A class of strange objects detected near our home galaxy’s black hole

These objects are unresolved.

Our galaxy’s supermassive black hole called Sagittarius A* (or Sgr A*), constantly pull stars, dust, and other matter inward, forming a stellar megalopolis 1 billion times denser than our corner of the galaxy.

Recently, four unusual objects are closely orbiting Sagittarius A*, which are now forming a class of their own.

Co-author Andrea Ghez, UCLA’s Lauren B. Leichtman and Arthur E. Levine Professor of Astrophysics and director of the UCLA Galactic Center Group said, “These objects look like gas but behave like stars.”

This new class of objects, called G objects, are unresolved, and they show both thermal dust emission and line emission from ionized gas. Compact in look, the objects stretch out when their orbits bring them closest to the black hole. Their orbits range from about 100 to 1,000 years.

The objects have been labeled as G3, G4, G5, and G6. This set is in addition to the first pair of G objects found near the Galactic Center; G1 was discovered by Ghez’s research group in 2005, followed by G2.

When scientists determined the orbits of each object, they found that G1 and G2 have similar orbits, G3, G4, G5, and G6 all have very different orbits.

Co-author Mark Morris, UCLA professor of physics and astronomy, said, “One of the things that have gotten everyone excited about the G objects is that the stuff that gets pulled off of them by tidal forces as they sweep by the central black hole must inevitably fall into the black hole. When that happens, it might be able to produce an impressive fireworks show since the material eaten by the black hole will heat up and emit copious radiation before it disappears across the event horizon.”

“All six objects were binary stars — a system of two stars orbiting each other — that merged because of the strong gravitational force of the supermassive black hole. The merging of two stars takes more than 1 million years to complete.”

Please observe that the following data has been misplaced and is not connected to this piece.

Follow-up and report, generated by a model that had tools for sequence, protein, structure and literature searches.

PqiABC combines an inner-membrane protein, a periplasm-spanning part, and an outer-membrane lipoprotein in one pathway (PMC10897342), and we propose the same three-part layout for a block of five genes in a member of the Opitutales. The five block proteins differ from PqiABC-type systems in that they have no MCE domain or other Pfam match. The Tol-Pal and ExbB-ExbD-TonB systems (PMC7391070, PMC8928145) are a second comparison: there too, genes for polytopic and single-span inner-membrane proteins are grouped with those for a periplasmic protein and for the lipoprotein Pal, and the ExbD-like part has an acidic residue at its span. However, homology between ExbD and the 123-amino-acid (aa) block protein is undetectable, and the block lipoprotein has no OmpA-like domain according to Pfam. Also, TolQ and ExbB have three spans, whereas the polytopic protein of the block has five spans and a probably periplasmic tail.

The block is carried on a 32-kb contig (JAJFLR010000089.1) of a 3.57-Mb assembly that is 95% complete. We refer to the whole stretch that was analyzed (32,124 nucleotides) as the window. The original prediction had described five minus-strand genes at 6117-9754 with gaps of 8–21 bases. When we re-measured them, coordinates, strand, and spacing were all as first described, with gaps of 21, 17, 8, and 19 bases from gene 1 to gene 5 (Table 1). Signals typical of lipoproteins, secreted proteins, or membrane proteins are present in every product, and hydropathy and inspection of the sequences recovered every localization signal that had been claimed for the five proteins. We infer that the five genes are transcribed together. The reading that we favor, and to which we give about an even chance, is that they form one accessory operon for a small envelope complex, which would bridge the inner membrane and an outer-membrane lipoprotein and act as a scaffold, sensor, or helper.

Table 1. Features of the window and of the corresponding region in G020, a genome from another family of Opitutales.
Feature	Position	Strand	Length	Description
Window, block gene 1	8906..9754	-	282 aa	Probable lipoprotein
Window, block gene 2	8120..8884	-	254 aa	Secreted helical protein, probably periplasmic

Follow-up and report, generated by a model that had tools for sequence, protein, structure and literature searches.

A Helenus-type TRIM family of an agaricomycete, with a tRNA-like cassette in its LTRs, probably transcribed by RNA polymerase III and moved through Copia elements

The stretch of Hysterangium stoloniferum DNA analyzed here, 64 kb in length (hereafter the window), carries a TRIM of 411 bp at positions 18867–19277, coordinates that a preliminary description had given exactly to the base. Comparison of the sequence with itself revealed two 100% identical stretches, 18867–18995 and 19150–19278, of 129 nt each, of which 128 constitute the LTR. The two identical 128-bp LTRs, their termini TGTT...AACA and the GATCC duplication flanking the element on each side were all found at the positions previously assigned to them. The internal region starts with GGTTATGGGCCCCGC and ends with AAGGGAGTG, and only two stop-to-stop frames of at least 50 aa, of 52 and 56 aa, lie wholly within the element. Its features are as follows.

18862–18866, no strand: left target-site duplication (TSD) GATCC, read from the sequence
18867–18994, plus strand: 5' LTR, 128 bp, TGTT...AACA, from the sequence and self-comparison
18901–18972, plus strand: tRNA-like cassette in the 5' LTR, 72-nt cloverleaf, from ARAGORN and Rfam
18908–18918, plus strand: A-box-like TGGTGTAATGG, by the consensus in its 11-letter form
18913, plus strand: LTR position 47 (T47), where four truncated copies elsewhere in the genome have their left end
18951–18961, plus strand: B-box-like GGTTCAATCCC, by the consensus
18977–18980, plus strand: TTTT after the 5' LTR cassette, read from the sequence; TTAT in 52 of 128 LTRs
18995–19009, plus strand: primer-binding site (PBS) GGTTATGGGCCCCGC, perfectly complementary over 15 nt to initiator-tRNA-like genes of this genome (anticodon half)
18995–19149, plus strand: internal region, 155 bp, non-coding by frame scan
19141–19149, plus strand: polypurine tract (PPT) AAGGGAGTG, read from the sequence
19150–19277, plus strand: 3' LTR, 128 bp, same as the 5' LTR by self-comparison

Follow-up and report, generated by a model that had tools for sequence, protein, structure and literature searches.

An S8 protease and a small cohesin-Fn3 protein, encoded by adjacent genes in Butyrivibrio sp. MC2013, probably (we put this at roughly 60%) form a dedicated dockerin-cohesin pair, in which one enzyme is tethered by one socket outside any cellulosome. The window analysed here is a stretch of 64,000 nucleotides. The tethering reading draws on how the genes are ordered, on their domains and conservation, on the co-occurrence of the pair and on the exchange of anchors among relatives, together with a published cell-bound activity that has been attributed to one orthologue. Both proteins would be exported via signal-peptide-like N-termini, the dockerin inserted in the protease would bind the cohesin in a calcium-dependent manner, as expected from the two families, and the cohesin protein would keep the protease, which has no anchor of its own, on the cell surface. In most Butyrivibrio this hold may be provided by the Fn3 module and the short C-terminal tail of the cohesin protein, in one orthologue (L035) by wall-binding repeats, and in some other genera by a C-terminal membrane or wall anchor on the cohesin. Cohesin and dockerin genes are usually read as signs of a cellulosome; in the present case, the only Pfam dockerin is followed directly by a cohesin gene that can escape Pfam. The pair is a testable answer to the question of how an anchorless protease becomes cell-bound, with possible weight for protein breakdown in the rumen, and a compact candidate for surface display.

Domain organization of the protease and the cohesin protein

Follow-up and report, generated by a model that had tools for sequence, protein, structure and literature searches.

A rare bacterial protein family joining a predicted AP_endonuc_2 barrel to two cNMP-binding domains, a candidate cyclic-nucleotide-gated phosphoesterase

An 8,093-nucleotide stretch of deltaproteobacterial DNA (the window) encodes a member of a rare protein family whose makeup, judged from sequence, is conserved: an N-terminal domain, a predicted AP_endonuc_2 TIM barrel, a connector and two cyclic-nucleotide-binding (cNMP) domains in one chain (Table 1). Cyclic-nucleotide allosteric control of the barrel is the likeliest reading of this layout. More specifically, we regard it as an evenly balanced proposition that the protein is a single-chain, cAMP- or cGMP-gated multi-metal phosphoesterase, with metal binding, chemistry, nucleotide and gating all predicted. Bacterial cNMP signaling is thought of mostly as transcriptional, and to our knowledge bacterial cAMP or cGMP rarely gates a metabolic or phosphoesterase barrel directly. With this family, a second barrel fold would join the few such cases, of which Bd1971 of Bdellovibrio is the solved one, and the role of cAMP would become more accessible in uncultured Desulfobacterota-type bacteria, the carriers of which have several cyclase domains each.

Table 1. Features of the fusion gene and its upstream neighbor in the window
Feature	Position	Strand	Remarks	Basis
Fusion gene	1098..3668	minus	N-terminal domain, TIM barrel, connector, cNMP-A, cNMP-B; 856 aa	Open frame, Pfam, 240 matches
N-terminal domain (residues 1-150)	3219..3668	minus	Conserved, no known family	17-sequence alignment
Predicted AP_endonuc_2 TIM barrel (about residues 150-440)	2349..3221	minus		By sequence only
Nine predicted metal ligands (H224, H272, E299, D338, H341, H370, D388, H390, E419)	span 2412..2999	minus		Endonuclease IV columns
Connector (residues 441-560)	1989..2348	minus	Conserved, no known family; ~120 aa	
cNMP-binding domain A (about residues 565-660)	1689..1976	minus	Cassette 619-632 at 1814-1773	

“Mergers of stars may be happening in the universe more often than we thought, and likely are quite common. Black holes may be driving binary stars to merge. It’s possible that many of the stars we’ve been watching and not understanding may be the end product of mergers that are calm now. We are learning how galaxies and black holes evolve. The way binary stars interact with each other and with the black hole is very different from how single stars interact with other single stars and with the black hole.”

The observations were made using powerful technology that Ghez helped pioneer at Keck Observatory called adaptive optics (AO), which corrects the distorting effects of the Earth’s atmosphere in real-time. AO, combined with Keck Observatory’s OH-Suppressing Infrared Imaging Spectrograph (OSIRIS), allowed the team to obtain spectroscopic measurements of the Galactic Center’s gas dynamics.

The National Science Foundation funds the research, W. M. Keck Foundation, Keck Visiting Scholars Program, the Gordon and Betty Moore Foundation, the Heising-Simons Foundation, Lauren Leichtman, and Arthur Levine, Jim and Lori Keir, and Howard and Astrid Preston.

The results are published online today in the journal Nature.

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